Kepler's high-precision photometry, with short cadence and long cadence modes (1 minute and 30-minute exposures), provides a powerful tool for variability analyses of both Galactic and extragalactic sources. Pointed observations away from the single stare position of the mission cannot be accommodated by Kepler; all targets, including GO targets, are limited to the objects available in the fixed FOV. Application to the Kepler GO program is open to all investigators, including those from outside the U.S. under NASA’s no-exchange-of-funds policy. Investigators who are not affiliated with a U.S. institution are not eligible for funding through this program. GO cycles occur annually and begin in June of each year. The data will be placed into the public archive at MAST. From Oct 2012, there is no exclusive use period for any Kepler data, including data collected through the GO program. GO funding will start upon availability of data to the PI within the archive.
The GO program is inclusive of both exoplanet programs and non-exoplanet programs. The Kepler GO program is open to:
proposals for short cadence observations of known exoplanet candidates that are not currently being observed in short cadence.
proposals for long cadence observations of new targets for the identification of planets transits.
Proposers should note that short cadence resources are in high demand and heavily over-subscribed. Short cadence proposals must justify scientifically and technically the need for higher cadence monitoring in the context of existing or on-going long cadence observations.
Proposers must take account of the difference between science that can be achieved exclusively using archived data and science that requires new observations by Kepler. The GO program is specific to science requiring new observations. This can mean completely new targets, or the collection of more data from old or existing targets. Funding for purely archival science is provided through the ROSES 2013 ADAP program. All proposals must justify the need for new observational data within their program.
No current Kepler targets are guaranteed to be observed during a GO cycle, except the list of existing exoplanet candidates. All other survey targets could potentially be dropped from the observational list for scientific or operational reasons. By successfully proposing an existing target through the GO program, the proposer guarantees the observation of that target during the next GO cycle, regardless of whether the target is removed from the exoplanet survey list.
All science proposals must be compelling and carefully justified scientifically and technically. Proposals with novel scientific objectives or approaches that expand the current range of science issues to be addressed using Kepler data, capitalize on the mission’s unique capabilities, and minimize replication of ongoing investigations, are encouraged.
Proposals cycles are annual. Proposals are due each Jan. Observations for successful programs begin in Jun and end in Jun the following year. GO cycles are divided into four operational quarters, separated by the quarterly rolls of the spacecraft. Proposer provide targets to be observed over the cycle. A new target list is uploaded to the spacecraft before every quarter. Long cadence GO targets can be removed or added to the target list every quarter. Short cadence GO targets can be removed or added to the target list every month. Data from a specific GO cycle arrive at the MAST archive for the first time in Jan of the following year.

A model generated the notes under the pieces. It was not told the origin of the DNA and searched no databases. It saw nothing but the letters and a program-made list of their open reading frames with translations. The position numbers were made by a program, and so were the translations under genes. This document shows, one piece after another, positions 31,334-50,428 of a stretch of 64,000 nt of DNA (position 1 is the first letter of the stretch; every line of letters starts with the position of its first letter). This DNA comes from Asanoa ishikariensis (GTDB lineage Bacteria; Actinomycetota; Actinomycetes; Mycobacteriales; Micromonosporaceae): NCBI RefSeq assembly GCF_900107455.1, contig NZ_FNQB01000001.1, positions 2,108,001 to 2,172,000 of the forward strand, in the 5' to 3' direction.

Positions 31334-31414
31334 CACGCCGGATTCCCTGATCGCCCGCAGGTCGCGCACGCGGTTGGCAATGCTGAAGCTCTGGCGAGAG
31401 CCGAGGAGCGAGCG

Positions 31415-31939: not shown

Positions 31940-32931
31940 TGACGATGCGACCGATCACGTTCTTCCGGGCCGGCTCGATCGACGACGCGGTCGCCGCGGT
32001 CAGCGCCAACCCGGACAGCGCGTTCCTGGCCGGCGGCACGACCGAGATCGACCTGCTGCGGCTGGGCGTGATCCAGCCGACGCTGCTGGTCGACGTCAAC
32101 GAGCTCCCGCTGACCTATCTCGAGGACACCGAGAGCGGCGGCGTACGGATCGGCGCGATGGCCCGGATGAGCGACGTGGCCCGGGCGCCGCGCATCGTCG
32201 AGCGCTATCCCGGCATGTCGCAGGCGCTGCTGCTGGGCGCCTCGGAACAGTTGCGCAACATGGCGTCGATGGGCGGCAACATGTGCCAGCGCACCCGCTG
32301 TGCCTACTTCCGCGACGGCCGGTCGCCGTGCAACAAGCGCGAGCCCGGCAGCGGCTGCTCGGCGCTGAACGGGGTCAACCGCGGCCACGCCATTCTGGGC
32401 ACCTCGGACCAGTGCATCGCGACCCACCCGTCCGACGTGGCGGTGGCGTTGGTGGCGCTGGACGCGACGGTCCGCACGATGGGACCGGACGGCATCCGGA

HOW TO PROPOSE TO THE GO PROGRAM
Itemized instructions for developing and submitting a GO proposal can be found here.
DIRECTOR'S DISCRETIONARY TARGETS (DDTs)
The standard GO competition occurs on an annual cycle. Given the proposal review timeline,
associated data processing and archive activities, there is currently a 6-month delay between GO proposal
submission and first observations, and a 1-year wait between proposal submission and the delivery of the
first GO data. To provide a faster mechanism for headline Kepler astrophysics, we provide an alternative
means for acquiring Kepler data, through the Director's Discretionary Target (DDT) program.
The purpose of the DDT program is to:
Provide a fast-track to Kepler data, yielding rapid, high-impact science.
Respond to targets of GO interest, newly dropped from the planetary
list. Targets can be reinstated back into the observing list via a DDT request.
Respond to "targets of opportunity".
Permit pilot studies of small samples prior to the next GO solicitation.
The DDT program is a quarterly competition. Observations can be
proposed for at any time; approved targets will be added during the next spacecraft roll. Up to 100 DDTs
are available each quarter. No funding will be provided for DDTs. Proposals from all institutions and
countries are encouraged. The proposal process requires a one page scientific justification and target list delivered
to the .
DDT proposals can be submitted at any time, however in order to include sources within the next available quarter
proposers must submit requests before these dates: Jan 24, Apr 23, Jul 24, Oct 24.
Target overlap with the current Guest Observer observing list will not be considered unless short cadence observations are being requested of a current long cadence target.
In the event that DDT requests are oversubscribed, DDT proposals will be reviewed and prioritized by the Kepler Users' Panel (KUP).
Questions concerning Kepler's science opportunities and open programs, public archive or community tools? Contact us via the